In colloquial Chinese, “kong” can also refer to free time or free space. If someone asks if you have any “kong,” they are not asking whether you have awakened to emptiness, but whether you have any spare time to help them put up a shelf or go to the cinema, or whether there is a spare seat for them in your car.
Increasingly as I write these days, I am interested in the emptiness, both temporal and spatial, between clauses, sentences, paragraphs, chapters, just as much as the words that end up on the page. I am interested just as much in what is left unsaid, what is absent or implied, as what is explicitly stated. In my most recent novel, The Dark Road, the gap between some chapters was a matter of minutes, others were separated by 12 months. The empty spaces give the reader freedom to move through the novel in time and space, and to fill the gaps as they wish, with their own thoughts, memories, or interpretations.
When I write in my empty study, cut off from the world, engrossed in a private dialogue with my characters, I give little thought to who my readers might be or how they might react to the text. But once the books are published, I always hope that the words will give readers the same feeling of “kong”—expansiveness—that they gave me, and that in the empty spaces in the text the readers can become engrossed in their own private dialogues with the characters I have created, or, better still, with other characters that they know already or have created themselves.
DOG (SPIRITUALITY OF THE DOG)
(CHIEN [SPIRITUALITÉ DU CHIEN])
If dogs don’t know how to speak or write, it has nothing to do with spirituality. Even the least spiritual beings can write and speak, whereas illiterate mutes can be highly spiritual. So language has got nothing to do with it. Spirituality is not an idiom, but an attitude, and an attitude not too far from indifference, or even from a “fuck everything” attitude. Dogs are spiritual in a dog way; they know very well, for instance, how to act in a dog way. When asked to act like dogs, they do. If asked to act like apes, they don’t; but like dogs, yes. Whereas apes can act like both dogs and apes, dogs can act like dogs, not apes—because the most a dog can do is to act like a dog, or sometimes a good little doggie. Ninety-pound dogs that are nearly three feet tall can act like good little doggies to get a treat, they can “shake” and “sit,” and after that they all end up, sadly, being put to sleep. Just the same. No reason to believe that a dog shouldn’t have some minimal spirituality, in an uncertain, abstract form, and finally altogether useless—a dog way of laughing at everything and loving boundlessly. Or, take the horse, the donkey, the camel, all of man’s mounts; or even all of Creation, as it’s called in the Bible; the frog, for example. There’s spirituality there, seriously, in the frog’s song, in a pond in summer. So what is it exactly that bothers men, in the sense of humans? That “If Beasts had a spiritual soul, their soul would henceforth be immortal and free, and they would be capable of proving worthy or unworthy, deserving of reward and of punishment; they would need a Heaven and a Hell, and Beasts would henceforward be a kind of Man, or Men a kind of Beasts; either of which is untenable according to the principles of religion” (Amusement philosophique sur le langage des bestes [A Philosophical Amusement on the Language of Beasts], Guillaume Hyacinthe Bougeant, 1739)? Like this amusing Jesuit is basically saying: when it comes down to spirituality, man, at times, is a real ass.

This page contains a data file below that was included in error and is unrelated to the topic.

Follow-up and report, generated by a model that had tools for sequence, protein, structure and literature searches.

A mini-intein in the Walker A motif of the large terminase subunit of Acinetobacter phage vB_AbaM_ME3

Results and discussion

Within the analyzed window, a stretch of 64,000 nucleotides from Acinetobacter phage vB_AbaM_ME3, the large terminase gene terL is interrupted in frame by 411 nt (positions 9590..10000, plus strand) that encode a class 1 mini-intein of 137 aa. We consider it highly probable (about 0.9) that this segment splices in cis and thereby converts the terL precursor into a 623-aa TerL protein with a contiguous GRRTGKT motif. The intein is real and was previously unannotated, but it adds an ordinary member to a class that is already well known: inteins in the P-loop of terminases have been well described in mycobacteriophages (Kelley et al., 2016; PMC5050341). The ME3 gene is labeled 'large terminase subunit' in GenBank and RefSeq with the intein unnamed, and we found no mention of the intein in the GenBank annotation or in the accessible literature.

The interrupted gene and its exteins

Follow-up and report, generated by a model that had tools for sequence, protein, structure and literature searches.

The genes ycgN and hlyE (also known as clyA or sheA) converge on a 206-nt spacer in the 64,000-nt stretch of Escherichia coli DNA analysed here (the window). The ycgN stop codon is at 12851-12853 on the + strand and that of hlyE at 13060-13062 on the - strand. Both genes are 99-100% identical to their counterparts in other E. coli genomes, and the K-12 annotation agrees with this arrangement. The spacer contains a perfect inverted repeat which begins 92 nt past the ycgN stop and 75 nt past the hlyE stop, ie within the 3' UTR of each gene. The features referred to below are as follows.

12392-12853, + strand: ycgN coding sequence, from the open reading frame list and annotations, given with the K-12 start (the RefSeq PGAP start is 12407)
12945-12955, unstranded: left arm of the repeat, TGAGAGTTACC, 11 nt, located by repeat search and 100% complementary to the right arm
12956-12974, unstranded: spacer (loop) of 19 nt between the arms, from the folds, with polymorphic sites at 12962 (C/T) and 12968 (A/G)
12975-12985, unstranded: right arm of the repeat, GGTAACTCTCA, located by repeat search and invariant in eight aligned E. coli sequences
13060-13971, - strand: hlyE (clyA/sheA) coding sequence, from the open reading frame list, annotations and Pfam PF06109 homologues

Translated from the French by Mark Iosifescu.
The word “curiosity” comes from the Latin cura, cure, as in “curative.” Curiosity therefore is not a defect: just the opposite, in fact. A curious person takes care of the world. And the most serious illness of all is indifference.
Translated from the French by Alyson Waters.
Adj. Resembling both work and demeanor of certain fiction writers, most notoriously the cantankerous Lionel Shriver. Author does not play well with others. Insists on crafting characters who are unpleasant if not obnoxious, causing readers to object that protagonists are “unattractive.” Author selects perverse subjects about which no sane person would wish to read for leisure enjoyment—e.g., demography (please), failure (but we want ROLE MODELS!), economics (z-z-z-z), or the American healthcare system (you’ve got to be kidding). Though female, author adopted Lionel at age 15, yet claims to have “zero interest” in the Fifty Shades of Gender Identity currently available for self-classification on Facebook. Self-destructively, said novelist refuses to participate in “time suck” social media, so only knows about Facebook from frumpy old newspapers. Author can be scathing about literary festivals, dismissing such gatherings as “a big wank,” yet illogically continues to attend them, if only to enjoy finding them annoying. Belligerent authors are prone to react badly to assignments to select a “keyword” that summarizes their entire ooooooou-vre, often expressing dismay that the exercise feels pretentious and artificial. The belligerent author can be dangerous, and should be approached with caution. Synonyms: quarrelsome, uncooperative, truculent, difficult, ungrateful, pugnacious, unlikeable, grumpy, misanthropic, secretly-not-very-scary-really, and all-bark-and-no-bite.